Astronomers say they have found one of the universe's largest black holes to date using a new technique.
Scientists at Durham University discovered the "ultramassive" black hole by observing its pull on passing light, called gravitational lensing.
Dr James Nightingale who led the study said even he struggled to "comprehend how big this thing is".
Their findings have been published in the journal Monthly Notices of the Royal Astronomical Society.
The academics said the black hole was 30 billion times the size of our Sun and was the first to be measured using gravitational lensing.
Dr Nightingale told BBC Radio Newcastle: "Even as an astronomer, I find it hard to comprehend how big this thing is.
"If you look at the night sky and count up all the stars and planets you can see and put them in a single point, it would be a fraction of a percent the size of this black hole.
"This black hole is bigger than the majority of galaxies in the universe."
He said the discovery "pushes our understanding of astronomy to the limits", adding: "How do you form a black hole this big in just 13 billions years of the universe's existence?"
What is a black hole?
A black hole is a region of space where matter has collapsed in on itself.
The gravitational pull is so strong that nothing, not even light, can escape.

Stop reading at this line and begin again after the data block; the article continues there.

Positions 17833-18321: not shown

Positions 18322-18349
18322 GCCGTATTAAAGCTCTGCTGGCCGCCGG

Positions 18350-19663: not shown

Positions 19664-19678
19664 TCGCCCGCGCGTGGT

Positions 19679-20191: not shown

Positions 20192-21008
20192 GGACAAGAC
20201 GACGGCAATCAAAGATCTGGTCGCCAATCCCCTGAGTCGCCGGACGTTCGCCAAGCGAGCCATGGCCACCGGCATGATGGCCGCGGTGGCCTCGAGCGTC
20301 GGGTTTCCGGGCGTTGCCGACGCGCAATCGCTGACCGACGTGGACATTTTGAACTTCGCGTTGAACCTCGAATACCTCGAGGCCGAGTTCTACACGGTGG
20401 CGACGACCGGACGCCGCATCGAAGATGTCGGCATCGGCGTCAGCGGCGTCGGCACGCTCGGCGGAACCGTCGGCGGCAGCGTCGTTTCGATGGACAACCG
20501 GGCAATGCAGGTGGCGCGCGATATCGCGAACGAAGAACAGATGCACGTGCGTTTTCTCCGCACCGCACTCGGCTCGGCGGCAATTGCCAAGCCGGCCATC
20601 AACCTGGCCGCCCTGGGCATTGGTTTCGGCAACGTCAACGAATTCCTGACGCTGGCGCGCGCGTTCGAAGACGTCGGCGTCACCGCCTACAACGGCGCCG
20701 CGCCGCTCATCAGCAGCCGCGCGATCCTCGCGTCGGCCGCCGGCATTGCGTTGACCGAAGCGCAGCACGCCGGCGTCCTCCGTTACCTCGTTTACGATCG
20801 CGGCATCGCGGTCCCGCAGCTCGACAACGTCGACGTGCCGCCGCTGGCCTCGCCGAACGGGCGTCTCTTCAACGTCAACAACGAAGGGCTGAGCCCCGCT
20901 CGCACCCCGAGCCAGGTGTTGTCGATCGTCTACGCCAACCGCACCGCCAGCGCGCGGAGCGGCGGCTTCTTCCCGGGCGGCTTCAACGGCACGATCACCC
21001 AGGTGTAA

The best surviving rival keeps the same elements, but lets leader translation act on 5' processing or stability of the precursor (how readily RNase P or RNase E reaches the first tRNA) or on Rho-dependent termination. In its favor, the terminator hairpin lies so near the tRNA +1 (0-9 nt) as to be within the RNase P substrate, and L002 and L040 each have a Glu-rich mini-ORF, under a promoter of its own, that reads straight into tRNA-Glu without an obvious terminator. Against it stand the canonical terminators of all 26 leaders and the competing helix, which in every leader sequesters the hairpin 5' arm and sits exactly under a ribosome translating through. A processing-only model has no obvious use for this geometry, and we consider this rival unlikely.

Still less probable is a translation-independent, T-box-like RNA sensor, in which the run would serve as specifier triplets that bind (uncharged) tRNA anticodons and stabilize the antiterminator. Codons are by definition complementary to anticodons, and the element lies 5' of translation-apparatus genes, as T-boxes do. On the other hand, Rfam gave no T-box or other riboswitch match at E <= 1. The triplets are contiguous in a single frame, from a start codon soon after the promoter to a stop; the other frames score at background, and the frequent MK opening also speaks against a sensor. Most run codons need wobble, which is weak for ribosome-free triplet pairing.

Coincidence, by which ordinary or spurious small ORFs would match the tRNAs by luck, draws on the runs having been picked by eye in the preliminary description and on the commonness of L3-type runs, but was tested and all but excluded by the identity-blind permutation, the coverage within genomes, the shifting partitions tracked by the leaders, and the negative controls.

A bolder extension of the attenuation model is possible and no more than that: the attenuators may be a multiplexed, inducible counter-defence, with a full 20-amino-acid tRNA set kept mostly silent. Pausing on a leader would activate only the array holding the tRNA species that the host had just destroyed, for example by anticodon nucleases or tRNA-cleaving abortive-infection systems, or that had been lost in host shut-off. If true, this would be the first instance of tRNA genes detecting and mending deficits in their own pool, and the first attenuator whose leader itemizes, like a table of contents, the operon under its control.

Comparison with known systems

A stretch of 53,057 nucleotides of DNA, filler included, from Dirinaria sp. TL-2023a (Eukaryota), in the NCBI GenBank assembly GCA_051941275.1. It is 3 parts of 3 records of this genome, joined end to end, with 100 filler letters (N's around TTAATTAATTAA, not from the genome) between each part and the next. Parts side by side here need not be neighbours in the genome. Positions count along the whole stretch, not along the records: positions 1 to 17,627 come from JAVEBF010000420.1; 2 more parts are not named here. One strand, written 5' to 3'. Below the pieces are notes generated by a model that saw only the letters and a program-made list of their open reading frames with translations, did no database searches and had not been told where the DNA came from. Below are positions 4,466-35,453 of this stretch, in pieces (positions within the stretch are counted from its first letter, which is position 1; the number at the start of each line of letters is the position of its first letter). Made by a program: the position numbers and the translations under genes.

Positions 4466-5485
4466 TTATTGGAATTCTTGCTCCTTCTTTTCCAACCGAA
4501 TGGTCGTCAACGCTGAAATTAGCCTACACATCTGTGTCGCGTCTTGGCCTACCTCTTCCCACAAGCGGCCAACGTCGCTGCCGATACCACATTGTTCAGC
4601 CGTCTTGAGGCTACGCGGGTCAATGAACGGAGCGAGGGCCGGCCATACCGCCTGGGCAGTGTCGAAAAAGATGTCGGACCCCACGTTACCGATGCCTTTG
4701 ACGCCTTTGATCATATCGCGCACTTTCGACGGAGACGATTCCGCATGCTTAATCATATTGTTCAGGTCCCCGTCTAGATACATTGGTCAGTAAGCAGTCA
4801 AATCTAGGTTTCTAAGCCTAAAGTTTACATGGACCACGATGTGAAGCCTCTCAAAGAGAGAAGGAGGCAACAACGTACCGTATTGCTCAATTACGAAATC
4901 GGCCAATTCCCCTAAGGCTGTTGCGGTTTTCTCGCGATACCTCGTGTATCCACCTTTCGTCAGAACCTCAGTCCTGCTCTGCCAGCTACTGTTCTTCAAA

Black holes will emerge from the explosive demise of certain large stars.
But some are truly huge and are billions of times the mass of our Sun.
How these monsters - found at galaxy centres - formed is unknown.
But it is clear they energise the galaxy and will influence its evolution.
The discovery began in 2004 when Durham University Professor Alastair Edge noticed a giant arc of light when reviewing images of a galaxy survey.
The study, which also involved Germany's Max Planck Institute, used extremely high-resolution images from NASA's Hubble telescope and the university's DiRAC COSMA8 supercomputer facilities to explore further and confirm the black hole's existence.
Dr Nightingale said as light travels through the universe it "appears to be pulled towards the mass of nearby objects".
"We found this very special light ray that travelled extremely close to this black hole," he said, adding: "Roughly 40 billion times the distance of the Sun to the Earth is how close it was which in astronomical terms is a very small amount."
Dr Nightingale said the use of gravitational lensing could "let us detect many more black holes beyond our local universe and reveal how these exotic objects evolved further back in cosmic time".
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